We touch our dogs more than we touch each other

My friend Beth takes care of my dog Bo when I travel. Today, she sent me results from a recent online survey about dogs. It says that, two-thirds of dog owners said they would put in longer hours if they could bring their dog to work.

The poll, conducted by the online dog forum Dogster and the job search engine Simply Hired, revealed that almost a third of those surveyed said they would go so far as taking a 5 percent pay cut if that meant their dog could accompany them to the office.

About 70 percent of the 150 individuals surveyed also considered a dog-friendly office an important job benefit.

I think that dogs make us feel better on so many different levels. I read in my local paper the Atlanta Journal-Constitution that the Shelters after Hurricane Katrina were much calmer and well kept if the people in them had their pets with them.

As the National Spokesperson in Canada for Vaseline Intensive Care Lotion we surveyed 1500 Canadians on touch. Guess what? The survey found we touch our pets more than we touch each other. So today think about the positive touch you give and are given.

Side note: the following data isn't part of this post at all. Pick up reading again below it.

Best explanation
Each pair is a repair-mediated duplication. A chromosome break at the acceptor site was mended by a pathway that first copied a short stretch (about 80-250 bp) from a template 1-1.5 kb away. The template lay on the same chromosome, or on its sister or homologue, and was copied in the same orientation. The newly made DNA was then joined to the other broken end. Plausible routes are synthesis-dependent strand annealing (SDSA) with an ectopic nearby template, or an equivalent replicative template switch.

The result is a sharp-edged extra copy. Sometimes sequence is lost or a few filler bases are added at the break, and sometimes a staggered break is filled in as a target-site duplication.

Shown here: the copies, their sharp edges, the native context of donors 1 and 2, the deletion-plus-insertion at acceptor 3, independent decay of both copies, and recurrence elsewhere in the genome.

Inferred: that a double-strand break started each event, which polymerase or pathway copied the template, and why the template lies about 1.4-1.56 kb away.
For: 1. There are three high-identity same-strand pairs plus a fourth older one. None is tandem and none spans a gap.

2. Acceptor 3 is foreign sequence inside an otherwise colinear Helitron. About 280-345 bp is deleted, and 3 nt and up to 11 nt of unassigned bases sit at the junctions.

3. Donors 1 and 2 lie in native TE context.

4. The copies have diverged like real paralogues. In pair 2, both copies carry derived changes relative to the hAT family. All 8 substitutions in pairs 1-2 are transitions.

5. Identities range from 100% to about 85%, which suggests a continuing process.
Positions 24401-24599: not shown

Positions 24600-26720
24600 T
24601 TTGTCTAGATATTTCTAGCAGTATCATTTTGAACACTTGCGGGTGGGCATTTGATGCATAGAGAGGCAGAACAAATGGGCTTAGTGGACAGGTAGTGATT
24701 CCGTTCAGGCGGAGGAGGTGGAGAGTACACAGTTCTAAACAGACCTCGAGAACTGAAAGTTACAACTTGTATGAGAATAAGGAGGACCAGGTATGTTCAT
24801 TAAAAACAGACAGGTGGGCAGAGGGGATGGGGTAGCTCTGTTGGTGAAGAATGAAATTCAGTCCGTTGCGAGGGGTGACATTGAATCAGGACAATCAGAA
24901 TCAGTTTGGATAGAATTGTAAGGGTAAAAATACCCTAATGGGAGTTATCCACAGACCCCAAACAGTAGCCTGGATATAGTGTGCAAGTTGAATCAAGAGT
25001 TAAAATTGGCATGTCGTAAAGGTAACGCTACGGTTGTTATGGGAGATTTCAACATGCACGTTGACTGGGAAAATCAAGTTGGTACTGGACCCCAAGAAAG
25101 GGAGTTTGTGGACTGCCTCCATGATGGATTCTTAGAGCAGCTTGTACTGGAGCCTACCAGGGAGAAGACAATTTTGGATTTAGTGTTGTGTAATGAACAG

I am lonely today. I got up and got on my computer like so many people hoping to download emails from friends. Sure enough their were emails from friends meeting me tonight for dinner and comedy improv compitition and other friends that want to meet for dinner and movie tomorrow night and one from a girlfriend friend who just was checking in. But I am still lonely. I am sitting at my computer in my big old four bedroom two story house, all by myself, well there is Bo the wonder dog curled up at my feet. Lovign my dog Bo is wonderful but I am so lonely I am resisting the urge to belt out the old 70’s song ALL BY MYSELF. That’s lonely. I don’t think they we were meant to be so lonely and isolated.
We spend so much time working to get the big old car and house and live in suburbs were we can’t hear our neighbors and have to drive to get anywere…we co-exist rather than live in community. Richard Schwartz, a psychiatrist who co-authored the book, "Overcoming Loneliness in Everyday Life," with his wife, Jacqueline Olds, MD, assistant professor of psychiatry at Harvard Medical School says, "Our notion of success is being able to purchase what you need and not be obligated to anyone,'' I Want to be obligated to people. I have that with my wonderful friends. I want someone to expect things of me. I want someone to expect me to be there when they call, to love hearing their voice, to enjoy seeing their smile, to think that their company is a delight. I want someone to miss me when they have not seen me in a while. I want intimacy.